When you go through the official website of Tbilisi’s Radisson Blu Iveria Hotel, the information and services pertain to what you would expect from a high-end accommodation establishment. However, this Tbilisi-based hotel can boast of a far more colorful and conscientious history than many of its opulent peers speckled around the world. How so? Well, the 5 star hotel has the rare distinction of also serving as a refugee camp during the atrocious ‘War in Abkhazia’ from 1992 to 1993.
The luxury hotel was constructed in 1967 as a commercial effort from a Soviet-funded endeavor, when Georgia was one of the socialist republics within the communist realm of USSR. Back then, it was christened as the Hotel Iveria after the ancient Caucasus-based kingdom of Iveria (or Iberia). However, in the post-period of the momentous disintegration of the Soviet Republic, Georgia was also involved in a civil war of its own, which was chiefly waged between the pro-Georgian forces and the Abkhaz separatists.
The one year conflict took its toll on the Georgians, with enormous economic, demographic and psychological setbacks due to the strategic victory of the Abkhazians (who were also supported by the Russians and Armenians). More than 250,000 refugees flooded into Georgia proper – thus the government was faced with the perplexing task of providing basic accommodation to their ethnic compatriots from across the border. A desperate decision was made, and as a result many important buildings in the capital (including Hotel Iveria) were transformed into public habitations centers.
The luxury establishment (which albeit showed conspicuous signs of dilapidation) maintained its refugee camp status for around 11 years, by giving crucial shelter to more than 800 people. Finally in 2004, many of the decade-old inhabitants were evacuated by paying them a lump-sum amount of $7,000 for each room vacated.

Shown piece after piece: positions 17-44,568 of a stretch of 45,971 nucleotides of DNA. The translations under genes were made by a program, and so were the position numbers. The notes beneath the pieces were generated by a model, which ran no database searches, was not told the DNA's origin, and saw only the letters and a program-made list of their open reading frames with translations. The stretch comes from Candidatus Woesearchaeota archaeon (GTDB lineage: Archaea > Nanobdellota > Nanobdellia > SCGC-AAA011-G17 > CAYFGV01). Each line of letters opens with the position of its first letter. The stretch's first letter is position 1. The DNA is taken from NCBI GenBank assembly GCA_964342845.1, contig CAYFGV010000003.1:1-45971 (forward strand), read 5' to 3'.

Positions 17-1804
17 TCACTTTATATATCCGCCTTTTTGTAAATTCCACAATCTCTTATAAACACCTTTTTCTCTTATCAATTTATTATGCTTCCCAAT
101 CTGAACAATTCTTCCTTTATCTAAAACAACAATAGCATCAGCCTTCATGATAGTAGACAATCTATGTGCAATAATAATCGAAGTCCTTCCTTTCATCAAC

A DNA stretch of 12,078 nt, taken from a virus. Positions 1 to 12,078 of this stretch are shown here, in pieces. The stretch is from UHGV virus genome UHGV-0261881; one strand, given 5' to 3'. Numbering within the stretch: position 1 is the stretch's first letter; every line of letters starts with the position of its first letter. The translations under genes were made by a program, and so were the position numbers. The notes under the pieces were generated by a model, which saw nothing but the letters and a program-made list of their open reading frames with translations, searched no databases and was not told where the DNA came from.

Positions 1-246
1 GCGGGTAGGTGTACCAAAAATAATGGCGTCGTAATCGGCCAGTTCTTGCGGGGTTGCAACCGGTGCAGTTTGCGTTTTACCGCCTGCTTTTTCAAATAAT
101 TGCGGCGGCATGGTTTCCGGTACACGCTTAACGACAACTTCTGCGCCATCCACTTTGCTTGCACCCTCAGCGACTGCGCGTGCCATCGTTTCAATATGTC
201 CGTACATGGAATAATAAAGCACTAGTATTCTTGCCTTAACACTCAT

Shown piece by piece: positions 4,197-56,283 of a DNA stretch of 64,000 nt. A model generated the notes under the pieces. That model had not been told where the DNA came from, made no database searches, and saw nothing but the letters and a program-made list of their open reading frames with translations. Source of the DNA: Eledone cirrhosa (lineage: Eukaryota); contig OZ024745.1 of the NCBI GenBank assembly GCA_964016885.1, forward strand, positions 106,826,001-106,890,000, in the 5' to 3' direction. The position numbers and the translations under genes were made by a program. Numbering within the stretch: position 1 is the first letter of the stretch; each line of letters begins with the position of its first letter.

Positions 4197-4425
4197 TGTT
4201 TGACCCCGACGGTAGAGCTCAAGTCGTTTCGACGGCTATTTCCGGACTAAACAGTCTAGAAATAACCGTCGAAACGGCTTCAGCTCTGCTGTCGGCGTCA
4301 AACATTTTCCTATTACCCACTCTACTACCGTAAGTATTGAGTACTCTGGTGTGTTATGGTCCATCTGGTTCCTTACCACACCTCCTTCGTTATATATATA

This is how Paul Bradbury, author and journalist, vividly described the ramshackle conditions of the Hotel Iveria in his diaries –
What appears as rust from a distance are actually crude plywood constructions on the balconies as these refugees, who have lived five or six to a room since 1993, have built kitchens. Washing hangs everywhere. Inside is like visiting my idea of a ravaged community after a nuclear attack. The carpets are long gone (now bare concrete), the walls boast bare plaster, the health centre on the ground floor I couldn’t visit as the stench of urine on the marble stairs forced me back upstairs. There was grass growing on the sixteenth floor.
On each floor there are small stalls selling vegetables, chocolate and, of course, alcohol. There is no work and the government pays seven dollars a month in benefits. Incredibly, on the third floor, there is a fully functioning hotel with Internet and fax services; on the ground floor there is a casino and also a restaurant that was hosting a wedding party as we passed.
The latest commercial project relating to the hotel was undertaken by the Radisson Hotels group in 2009, with the entire establishment being renovated and refurbished to its core. The new name ‘Radisson Blu Iveria Hotel’ was also given to the modernized accommodation place; and currently the 5-star quarters flaunt their newer restaurants, spas, the old casino, a shopping center, business zones and even a dedicated art academy.
Take a gander at the photographs below to comprehend the scope of transformation of the hotel in the recent years.
Photo Credits: Flickr